Discover how another curious writer uses scraped map data to define how many 15-minute walking areas exist within his hometown in Canada.
Now that we have some context, back to the map of ATMs. The motivation behind creating it was work-related: most of Peter's customers want to spend their offsites away from the touristy areas. But then what is considered a touristy area? This question kept coming up. Peter gave it some thought and first figured that a higher concentration of Spars, McDonalds’ or Starbucks might mark their area nicely. But that wasn't precise enough. So he had to look for something that didn't belong there. Something so jarring in the local area that it was hard to miss. Something ignored by the locals but very much noticed or remembered by tourists. Like a Euronet ATM.
The idea was very simple and very straightforward. So it only made sense to try and test it on a visual map. Mallorca seemed like a good first choice because Peter was well familiar with the area. So he searched for Euronet ATMs on Google Maps and thought of recreating that data as a separate map. He only needed the right tools to scrape that data (Google Maps Scraper), visualize it (Felt), and tweet about it (Twitter). And here it is:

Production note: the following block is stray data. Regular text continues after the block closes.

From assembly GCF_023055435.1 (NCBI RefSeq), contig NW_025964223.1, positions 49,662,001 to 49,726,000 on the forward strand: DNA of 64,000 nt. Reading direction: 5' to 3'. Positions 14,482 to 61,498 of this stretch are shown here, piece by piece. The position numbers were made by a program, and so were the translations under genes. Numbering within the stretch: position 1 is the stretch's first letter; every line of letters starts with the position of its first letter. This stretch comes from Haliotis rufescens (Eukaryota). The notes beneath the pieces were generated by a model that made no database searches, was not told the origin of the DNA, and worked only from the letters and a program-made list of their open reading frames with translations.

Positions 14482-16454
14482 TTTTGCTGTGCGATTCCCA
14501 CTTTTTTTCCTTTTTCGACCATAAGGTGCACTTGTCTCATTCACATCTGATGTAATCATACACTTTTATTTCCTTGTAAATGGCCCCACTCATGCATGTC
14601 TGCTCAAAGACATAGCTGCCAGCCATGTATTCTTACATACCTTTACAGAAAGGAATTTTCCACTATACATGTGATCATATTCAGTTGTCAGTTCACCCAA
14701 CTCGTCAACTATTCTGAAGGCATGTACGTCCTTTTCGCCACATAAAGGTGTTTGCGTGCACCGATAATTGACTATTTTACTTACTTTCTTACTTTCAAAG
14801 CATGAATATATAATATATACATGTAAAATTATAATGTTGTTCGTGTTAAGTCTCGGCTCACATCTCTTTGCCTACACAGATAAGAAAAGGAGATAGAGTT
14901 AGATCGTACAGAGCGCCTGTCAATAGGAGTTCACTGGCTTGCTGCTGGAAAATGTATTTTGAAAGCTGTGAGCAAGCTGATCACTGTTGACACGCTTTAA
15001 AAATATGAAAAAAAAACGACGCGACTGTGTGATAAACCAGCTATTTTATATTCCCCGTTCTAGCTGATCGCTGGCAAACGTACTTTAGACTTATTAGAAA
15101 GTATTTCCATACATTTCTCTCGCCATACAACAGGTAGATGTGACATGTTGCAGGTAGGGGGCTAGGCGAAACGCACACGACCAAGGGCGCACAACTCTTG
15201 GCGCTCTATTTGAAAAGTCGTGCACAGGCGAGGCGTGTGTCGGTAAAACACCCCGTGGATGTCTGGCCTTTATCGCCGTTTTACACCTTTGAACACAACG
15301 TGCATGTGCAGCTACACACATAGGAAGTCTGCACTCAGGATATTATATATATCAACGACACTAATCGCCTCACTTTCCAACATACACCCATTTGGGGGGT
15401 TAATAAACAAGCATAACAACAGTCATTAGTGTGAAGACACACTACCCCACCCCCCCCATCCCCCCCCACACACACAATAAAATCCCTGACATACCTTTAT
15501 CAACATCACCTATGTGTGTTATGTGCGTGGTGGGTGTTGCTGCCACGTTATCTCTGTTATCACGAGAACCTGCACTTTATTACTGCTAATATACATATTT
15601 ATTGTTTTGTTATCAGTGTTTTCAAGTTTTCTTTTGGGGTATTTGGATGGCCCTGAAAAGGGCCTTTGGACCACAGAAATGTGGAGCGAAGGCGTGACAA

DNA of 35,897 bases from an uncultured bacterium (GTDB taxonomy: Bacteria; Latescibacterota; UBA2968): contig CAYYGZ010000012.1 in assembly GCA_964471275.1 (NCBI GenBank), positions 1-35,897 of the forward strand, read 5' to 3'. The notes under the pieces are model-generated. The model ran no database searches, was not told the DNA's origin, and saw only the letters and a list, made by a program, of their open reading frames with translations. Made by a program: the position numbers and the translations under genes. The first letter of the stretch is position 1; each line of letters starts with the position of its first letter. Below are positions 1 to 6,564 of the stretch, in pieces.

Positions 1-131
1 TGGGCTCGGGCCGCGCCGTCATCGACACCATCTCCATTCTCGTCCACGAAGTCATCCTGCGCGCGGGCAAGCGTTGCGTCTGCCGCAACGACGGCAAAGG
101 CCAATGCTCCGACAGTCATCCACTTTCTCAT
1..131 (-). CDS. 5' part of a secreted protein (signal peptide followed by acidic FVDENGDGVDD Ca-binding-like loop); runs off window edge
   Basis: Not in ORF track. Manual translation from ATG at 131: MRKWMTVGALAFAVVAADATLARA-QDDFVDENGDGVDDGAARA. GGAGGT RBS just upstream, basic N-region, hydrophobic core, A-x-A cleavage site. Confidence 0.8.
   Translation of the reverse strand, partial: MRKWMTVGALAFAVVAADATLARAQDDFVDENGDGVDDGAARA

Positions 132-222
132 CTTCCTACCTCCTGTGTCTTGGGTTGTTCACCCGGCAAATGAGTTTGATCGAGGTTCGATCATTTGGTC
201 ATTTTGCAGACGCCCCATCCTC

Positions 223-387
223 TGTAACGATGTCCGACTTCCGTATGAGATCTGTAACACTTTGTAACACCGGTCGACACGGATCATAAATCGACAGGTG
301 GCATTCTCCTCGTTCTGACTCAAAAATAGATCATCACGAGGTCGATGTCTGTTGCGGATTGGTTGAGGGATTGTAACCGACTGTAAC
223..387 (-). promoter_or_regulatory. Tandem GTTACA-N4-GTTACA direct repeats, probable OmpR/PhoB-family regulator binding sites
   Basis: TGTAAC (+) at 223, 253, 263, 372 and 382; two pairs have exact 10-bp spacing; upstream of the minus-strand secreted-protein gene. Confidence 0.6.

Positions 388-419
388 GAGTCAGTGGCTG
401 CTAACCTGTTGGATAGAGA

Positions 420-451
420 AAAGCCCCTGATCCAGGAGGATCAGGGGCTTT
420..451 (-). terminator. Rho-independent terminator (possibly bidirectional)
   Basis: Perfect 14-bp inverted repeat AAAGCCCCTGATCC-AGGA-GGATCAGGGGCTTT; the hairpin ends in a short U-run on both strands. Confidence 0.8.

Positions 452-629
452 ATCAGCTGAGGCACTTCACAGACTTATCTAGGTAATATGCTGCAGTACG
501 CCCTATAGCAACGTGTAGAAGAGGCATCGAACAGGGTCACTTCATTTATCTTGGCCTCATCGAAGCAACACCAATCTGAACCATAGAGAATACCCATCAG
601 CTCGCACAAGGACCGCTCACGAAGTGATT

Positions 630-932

Now, before using Google Maps Scraper, Peter thought scraping was something only people who knew how to code could do well and without fuss. If you wanted organized data copied from the website, you had to hire somebody to scrape it. But Google Maps Scraper made it feel like something anyone could make happen. And then double down on it with a little bit of that integration magic — put the data into a spreadsheet, connect with Zapier, update a website, or send it to whoever will work with it, and just create and share interesting stuff – like this ATM map.